By Russ Hodgins
Please note that before you venture out on the ice, make sure it is safe!
Many years ago, we did a canoe trip from Craven to Pasqua Lake and learned firsthand how this river brings a whole new meaning to the word “meander”. A mile as the crow flies can translate into an hour of paddling. Canoe season is over and while I have ventured out onto the river ice a few times, it has never been for any distance. A windy Saturday changed that and convinced me to drop down over the bank for a winter “canoe trip”. A bonus was the minimal snow cover, making for better travelling and much easier to spot bad spots in the ice. The current is strongest on the outside of curves, meaning that will be where the ice is thinnest. As we hugged the inside corners, the tracks showed us coyotes also follow this pattern for the most part. In their case, it probably had more to do with it being the shortest route while my inspiration came from the desire to stay dry.
A cloudy day shortly became sunny with a much appreciated rise in temperature, which necessitated placing my jacket and gloves into my pack. St. Marks church in the distance.
A short time later, our dog gave a few “what the heck is that” barks as she rounded a bend ahead of me. I sped up to find out what unknown creature had her so hesitant, to find a cow moose which had just crossed the river and was climbing up the bank. I was able to get a few photos before it ambled off in no great hurry and was happy that our dog showed such wise restraint with an animal that size.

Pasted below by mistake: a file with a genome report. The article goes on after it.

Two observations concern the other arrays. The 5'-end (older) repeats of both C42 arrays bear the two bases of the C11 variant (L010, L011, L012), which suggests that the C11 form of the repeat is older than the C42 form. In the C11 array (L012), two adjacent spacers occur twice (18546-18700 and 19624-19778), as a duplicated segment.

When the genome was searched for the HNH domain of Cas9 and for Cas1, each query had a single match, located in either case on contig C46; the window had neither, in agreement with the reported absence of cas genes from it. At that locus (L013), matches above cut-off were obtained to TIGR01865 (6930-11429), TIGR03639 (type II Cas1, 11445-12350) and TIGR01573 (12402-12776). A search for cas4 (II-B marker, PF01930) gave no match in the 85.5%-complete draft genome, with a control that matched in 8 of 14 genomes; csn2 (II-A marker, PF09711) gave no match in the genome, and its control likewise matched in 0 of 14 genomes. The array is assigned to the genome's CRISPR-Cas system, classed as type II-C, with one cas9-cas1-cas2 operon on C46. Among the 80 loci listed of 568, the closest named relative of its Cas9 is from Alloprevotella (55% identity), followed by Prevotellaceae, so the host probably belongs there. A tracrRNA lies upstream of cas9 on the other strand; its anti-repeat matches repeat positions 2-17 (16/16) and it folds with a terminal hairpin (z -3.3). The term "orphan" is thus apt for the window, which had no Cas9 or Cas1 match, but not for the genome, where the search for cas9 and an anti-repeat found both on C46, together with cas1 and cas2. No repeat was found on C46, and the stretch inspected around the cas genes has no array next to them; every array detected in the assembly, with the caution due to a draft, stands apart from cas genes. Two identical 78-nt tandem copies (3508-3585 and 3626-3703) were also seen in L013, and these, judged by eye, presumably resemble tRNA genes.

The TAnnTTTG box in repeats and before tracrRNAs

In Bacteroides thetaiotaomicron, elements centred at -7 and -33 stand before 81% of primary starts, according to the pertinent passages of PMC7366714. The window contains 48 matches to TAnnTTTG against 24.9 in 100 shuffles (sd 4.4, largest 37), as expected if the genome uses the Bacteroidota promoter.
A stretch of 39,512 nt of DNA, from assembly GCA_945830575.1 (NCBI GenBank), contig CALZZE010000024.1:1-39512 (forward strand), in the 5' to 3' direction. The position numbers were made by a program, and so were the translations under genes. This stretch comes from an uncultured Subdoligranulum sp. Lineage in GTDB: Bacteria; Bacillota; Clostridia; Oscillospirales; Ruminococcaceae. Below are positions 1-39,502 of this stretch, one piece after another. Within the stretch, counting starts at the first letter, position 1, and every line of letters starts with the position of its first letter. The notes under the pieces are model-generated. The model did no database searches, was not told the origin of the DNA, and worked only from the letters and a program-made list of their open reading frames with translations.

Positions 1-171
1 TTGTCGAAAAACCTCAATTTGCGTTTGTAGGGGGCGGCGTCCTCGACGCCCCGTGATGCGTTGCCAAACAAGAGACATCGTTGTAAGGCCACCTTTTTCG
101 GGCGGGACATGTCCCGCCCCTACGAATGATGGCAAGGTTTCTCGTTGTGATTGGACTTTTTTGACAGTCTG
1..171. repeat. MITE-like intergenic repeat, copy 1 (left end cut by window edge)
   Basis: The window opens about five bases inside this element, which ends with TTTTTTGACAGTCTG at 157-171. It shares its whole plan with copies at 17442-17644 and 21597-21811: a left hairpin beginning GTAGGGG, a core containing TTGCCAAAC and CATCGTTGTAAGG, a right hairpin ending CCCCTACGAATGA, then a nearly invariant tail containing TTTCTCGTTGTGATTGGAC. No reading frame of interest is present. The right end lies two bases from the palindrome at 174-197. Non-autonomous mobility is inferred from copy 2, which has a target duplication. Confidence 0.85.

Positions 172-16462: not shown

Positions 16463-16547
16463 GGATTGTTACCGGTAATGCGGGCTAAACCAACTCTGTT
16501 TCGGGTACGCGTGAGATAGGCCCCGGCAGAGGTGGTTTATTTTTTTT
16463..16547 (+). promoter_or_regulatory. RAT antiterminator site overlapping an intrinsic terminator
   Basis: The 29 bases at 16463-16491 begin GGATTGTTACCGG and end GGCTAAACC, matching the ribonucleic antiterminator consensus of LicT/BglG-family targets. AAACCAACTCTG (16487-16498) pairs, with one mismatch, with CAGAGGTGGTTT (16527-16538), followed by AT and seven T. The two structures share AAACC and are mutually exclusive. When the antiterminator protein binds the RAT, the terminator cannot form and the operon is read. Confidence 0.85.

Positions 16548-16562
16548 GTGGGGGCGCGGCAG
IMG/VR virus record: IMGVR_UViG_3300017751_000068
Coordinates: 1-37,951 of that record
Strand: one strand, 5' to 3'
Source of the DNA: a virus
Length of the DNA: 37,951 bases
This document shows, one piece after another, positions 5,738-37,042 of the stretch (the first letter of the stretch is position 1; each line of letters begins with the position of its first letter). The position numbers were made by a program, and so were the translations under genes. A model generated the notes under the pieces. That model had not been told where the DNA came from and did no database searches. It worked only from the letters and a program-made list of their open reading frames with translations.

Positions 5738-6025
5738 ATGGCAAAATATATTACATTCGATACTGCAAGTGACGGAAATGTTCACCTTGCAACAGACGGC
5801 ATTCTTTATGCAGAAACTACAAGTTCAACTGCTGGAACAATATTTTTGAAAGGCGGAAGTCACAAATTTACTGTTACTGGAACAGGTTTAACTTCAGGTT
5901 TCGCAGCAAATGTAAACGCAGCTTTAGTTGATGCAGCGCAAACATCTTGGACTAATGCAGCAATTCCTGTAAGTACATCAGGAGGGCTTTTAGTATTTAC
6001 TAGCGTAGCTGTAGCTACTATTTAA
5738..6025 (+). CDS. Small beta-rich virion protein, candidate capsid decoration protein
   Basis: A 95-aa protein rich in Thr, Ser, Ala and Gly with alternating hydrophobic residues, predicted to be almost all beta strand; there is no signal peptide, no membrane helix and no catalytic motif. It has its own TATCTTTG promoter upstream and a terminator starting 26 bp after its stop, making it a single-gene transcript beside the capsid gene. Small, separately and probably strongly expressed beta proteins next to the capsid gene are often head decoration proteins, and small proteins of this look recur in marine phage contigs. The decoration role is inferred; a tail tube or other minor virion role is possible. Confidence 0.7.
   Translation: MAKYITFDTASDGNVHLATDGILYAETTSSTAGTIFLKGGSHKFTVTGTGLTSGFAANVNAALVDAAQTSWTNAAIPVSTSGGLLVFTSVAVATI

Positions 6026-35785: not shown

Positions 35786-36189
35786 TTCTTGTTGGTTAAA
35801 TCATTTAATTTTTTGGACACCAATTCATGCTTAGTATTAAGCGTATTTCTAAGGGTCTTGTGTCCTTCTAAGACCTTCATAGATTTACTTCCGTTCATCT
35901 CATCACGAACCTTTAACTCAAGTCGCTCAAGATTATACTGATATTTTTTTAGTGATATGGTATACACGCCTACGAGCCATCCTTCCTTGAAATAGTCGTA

As the afternoon drew to a close, we were treated to a beautiful Saskatchewan sunset.
To save some time with darkness approaching, I cut up onto the bank and took a few shortcuts, bypassing large loops of the river which almost circled back to the same point. I have to say, the portages are much easier on this winter “canoe trip”.
The trip back had us back up on the road as we went by St. Marks church, now just a dark silhouette as night set in.
The river ice allowed us the chance to see the valley from a different perspective but it is a trip that has to be timed correctly to match the ice conditions. The cold weather and lack of snowfall at the time meant the ice was thicker and at any point when in doubt, we cut up onto the bank and detoured past the spot. It was an afternoon of adventure on the winding Qu’Appelle River.